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The widespread use of ASCII encoding formats like JSON and rest may be killing server performance. A wide variety of emerging binary formats offer significantly improved performance for processing messages. This could be particularly important for I/O intensive applications like transaction processing, data analytics, and financial services.
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The server-side recently spoke with Martin Thompson, founder of software consultancy Real Logic about the merits of binary encoding formats for message processing. He said, “I've seen many applications that spend significantly more CPU time parsing and transforming XML and JSON than executing business logic.”
Message parsing gains
This in particularly important in the finance industry, where applications need to be able to process market feeds that can peak at over 10 million messages per second, and are continuing to grow. The financial industry ratified the SBE binary messaging for processing financial data and transactions designed to dramatically reduce the latency compared with alternatives.
Thompson worked with a team to develop a reference implementation of SBE in Java, C++, and C# that was able to process about to process about 34,000 messages per second, or about 16-25 times faster than Google Protocol Buffers (GPB ) on the same hardware. This in turn was over a thousand times quicker then what can be achieved with JSON.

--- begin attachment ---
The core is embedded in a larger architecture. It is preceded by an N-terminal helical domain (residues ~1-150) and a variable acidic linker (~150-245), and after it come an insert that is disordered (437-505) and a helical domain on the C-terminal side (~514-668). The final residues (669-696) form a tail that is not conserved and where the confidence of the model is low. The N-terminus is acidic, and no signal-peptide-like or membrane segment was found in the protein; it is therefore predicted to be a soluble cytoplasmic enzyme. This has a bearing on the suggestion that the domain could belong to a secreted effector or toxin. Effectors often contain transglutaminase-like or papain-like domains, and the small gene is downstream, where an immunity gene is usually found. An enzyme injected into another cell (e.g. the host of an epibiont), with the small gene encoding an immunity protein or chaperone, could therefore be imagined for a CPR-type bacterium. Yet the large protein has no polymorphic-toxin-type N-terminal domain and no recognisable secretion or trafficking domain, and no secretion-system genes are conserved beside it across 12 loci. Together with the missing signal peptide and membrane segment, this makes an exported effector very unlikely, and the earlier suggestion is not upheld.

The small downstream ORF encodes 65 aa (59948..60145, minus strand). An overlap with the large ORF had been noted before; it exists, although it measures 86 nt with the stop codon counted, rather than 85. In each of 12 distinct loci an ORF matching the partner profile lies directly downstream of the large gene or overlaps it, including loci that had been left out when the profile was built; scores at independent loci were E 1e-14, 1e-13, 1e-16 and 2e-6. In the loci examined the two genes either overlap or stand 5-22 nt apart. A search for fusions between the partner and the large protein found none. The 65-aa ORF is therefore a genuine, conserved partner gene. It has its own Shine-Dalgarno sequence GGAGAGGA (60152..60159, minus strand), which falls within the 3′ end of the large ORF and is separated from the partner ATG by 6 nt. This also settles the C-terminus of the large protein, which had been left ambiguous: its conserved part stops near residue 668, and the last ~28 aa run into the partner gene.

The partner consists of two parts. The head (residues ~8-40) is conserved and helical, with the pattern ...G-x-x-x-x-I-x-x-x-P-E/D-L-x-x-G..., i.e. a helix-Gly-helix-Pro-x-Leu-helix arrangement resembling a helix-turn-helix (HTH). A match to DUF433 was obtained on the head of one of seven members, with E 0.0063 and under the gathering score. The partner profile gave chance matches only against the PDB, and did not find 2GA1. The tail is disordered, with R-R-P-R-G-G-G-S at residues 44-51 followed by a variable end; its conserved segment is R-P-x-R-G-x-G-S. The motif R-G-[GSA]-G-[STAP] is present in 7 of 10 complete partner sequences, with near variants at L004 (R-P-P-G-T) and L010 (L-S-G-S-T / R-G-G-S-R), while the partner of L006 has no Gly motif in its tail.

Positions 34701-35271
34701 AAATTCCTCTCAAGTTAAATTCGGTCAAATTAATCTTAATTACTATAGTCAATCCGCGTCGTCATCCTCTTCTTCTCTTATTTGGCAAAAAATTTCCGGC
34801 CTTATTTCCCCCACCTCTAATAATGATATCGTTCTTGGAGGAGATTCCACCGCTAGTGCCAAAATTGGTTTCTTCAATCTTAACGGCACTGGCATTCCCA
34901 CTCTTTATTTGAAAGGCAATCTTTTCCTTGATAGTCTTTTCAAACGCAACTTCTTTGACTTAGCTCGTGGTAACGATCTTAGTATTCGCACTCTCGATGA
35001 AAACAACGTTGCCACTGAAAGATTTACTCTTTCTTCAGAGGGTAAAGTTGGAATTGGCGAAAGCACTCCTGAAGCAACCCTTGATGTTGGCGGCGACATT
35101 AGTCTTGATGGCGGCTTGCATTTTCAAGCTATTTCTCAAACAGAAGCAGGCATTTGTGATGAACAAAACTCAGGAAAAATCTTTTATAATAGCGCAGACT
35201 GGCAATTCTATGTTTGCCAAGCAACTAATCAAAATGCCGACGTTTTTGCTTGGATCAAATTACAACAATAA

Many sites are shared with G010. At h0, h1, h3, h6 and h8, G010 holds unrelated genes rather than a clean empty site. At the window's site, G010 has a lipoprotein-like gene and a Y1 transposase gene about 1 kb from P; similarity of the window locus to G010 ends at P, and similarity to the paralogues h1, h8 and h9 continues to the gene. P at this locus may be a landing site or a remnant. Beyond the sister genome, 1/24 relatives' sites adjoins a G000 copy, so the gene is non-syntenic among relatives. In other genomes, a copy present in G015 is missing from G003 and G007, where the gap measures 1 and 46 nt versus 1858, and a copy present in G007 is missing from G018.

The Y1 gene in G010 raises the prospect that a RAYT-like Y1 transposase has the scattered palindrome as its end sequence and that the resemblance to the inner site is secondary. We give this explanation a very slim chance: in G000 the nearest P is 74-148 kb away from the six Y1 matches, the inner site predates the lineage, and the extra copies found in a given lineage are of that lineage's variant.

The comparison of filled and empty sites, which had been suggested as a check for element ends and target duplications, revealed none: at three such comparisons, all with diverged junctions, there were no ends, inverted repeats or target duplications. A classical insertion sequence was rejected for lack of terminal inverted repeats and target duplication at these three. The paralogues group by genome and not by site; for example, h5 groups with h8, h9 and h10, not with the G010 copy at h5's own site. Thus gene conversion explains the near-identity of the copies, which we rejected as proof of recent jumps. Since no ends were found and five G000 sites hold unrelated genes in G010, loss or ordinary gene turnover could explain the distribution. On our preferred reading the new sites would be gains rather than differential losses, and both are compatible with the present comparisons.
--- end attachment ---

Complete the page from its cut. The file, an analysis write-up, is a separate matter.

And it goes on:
Achieving this level of efficiency is not for the faint of heart. Thompson said that the resulting application had to be debugged using the Wireshark protocol analyzer, rather than the built-in debugging tools in Java IDEs. This of course begs the question of whether more efficient binary formats that reduce CPU and networking bandwidth are worth the trade-off of increased developer bandwidth and a longer software development lifecycle.
Many binary messaging formats emerging
A number of different binary messaging formats have emerged over the last couple of years including the finance industry’s Fast Protocol, Google Protocol Buffers, Apache Avro, Facebook’s Thrift, and Microsoft Bond. All of these different formats promise increased efficiency compared with ASCII encoding formats like JSON and XML.
Adopting them can improve the throughput of almost any application involved in message processing. They also promise to reduce the power requirements in IoT devices, said Thompson. These messaging formats also show promise ingesting data from the rising tide of IoT devices now being deployed.
What holding back binary messaging?
At the same time these formats have not been widely adopted by the developer community outside of finance. One part of the challenge might be that JSON fits in well with the Java development paradigm. These other encoding formats require developers to stretch their thinking around application development. They may also make it harder to document an API in a way that is accessible to third-party developers. This could be a deal breaker for enterprises that work with a larger developer community that integrate the API into their applications.
Another factor holding back adoption may be that the performance gains are just not significant enough compared to other components of an application’s performance. If a particular application is more constrained by compute or memory limitations, a more efficient messaging protocol will not be as important. Enterprises would also have to consider how to shift their development tooling and train developers to get the most from these new protocols.
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